There’s nothing inherently sad about that.  We’ve just been taught that it’s sad.  If we view the relationship as a life lesson, then we can be grateful to our ex-partners for what they taught us and for allowing us to teach them, and move on with gratitude and love in our hearts.

It ain’t easy.  The beliefs that love relationships are supposed to be permanent, that we’ve somehow failed if they aren’t, and that we should just go right back out and do the same stupid thing again, are so deeply ingrained in our culture that it takes a lot of conscious effort to pull out of them.

As Hay says, though, relationships ending is NORMAL AND NATURAL.  We don’t need to put up with a worn out relationship just to avoid the pain of the parting.  We’ve learned what we were supposed to learn.

I love her affirmation for ending relationships, which I shall keep near me in the future:  I bless you with love and I release you – you are free and I am free.

Yes.

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The Judgement Card – Lay It Down and Shut the Door

To my mind, Judgement is a lot creepier looking card than the Death card.  Coffins bobbing around in the sea while gray corpses pop out of them like zombies.  Of course, the Angel with the Trumpet hovers overhead calling them back to life and that’s nice but it’s still a disturbing card on the face of it.

Despite that, it’s still a hopeful card because it’s the card of endings and where there are endings there can be beginnings.  Judgement isn’t just about endings, though; it’s about the end of long cycles that occur in our lives. Often it shows up in our readings as a sign that we can finally lay our burdens down.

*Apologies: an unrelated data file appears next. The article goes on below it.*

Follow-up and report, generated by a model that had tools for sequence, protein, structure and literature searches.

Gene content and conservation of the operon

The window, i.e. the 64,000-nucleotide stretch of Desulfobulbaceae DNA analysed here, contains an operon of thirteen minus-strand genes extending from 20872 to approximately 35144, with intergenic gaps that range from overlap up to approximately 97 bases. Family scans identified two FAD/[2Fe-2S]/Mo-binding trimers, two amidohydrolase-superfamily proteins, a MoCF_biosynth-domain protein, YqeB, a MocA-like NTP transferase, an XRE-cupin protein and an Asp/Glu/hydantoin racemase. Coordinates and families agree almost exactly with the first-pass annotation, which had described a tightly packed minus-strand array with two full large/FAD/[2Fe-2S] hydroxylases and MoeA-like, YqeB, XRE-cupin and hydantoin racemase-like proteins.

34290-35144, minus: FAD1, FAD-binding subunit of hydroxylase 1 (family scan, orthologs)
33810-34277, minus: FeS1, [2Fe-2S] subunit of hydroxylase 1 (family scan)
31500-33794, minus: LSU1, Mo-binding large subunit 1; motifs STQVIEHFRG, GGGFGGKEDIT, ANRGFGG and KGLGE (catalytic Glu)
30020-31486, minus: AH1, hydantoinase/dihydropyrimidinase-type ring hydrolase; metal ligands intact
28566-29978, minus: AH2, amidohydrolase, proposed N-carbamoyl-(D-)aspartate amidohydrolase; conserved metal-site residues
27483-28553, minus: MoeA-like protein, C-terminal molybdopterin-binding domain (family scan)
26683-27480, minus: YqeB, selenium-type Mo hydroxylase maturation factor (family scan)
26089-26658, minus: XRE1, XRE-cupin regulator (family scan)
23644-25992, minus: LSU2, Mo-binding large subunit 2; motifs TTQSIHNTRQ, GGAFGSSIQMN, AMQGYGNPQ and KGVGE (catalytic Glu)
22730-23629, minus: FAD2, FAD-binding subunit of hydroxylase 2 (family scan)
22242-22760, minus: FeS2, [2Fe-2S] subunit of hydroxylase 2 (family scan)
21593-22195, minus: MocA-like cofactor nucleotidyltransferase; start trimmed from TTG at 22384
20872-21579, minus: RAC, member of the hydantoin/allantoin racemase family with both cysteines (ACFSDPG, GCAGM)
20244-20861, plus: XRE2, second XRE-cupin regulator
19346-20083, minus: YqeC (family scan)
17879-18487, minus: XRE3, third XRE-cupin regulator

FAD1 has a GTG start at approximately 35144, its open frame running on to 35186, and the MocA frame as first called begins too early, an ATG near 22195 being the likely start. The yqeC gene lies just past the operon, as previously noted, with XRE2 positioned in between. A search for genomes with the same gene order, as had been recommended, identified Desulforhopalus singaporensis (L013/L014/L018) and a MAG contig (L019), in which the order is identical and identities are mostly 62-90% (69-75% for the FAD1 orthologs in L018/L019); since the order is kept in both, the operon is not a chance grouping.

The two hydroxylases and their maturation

We all have seasons and cycles in our lives, though we frequently fail to recognize them as distinct and separate chapters.  Some of the more obvious cycles are birth through adolescence, puberty through adulthood, perhaps going to college or doing a hitch in the military after high school.  Our children growing up and moving out on their own. These are all periods of time that stand apart in our memories and experiences as being unique times in our lives.

And Judgement is about the ends of these cycles.  It’s about the personal judgements that we make about these periods of time, what they meant to us, and how we performed in dealing with them.

To use another common example, think of marriage or partnership as a cycle in our lives.  We meet someone, we fall in love, we decide that he or she is the person with whom we want to spend our lives.  The relationship may last for many years or just a few. Sooner or later, though, whether as a result of, “until death do us part,” or a divorce/separation, that bonding with another, that cycle of our lives, will be over.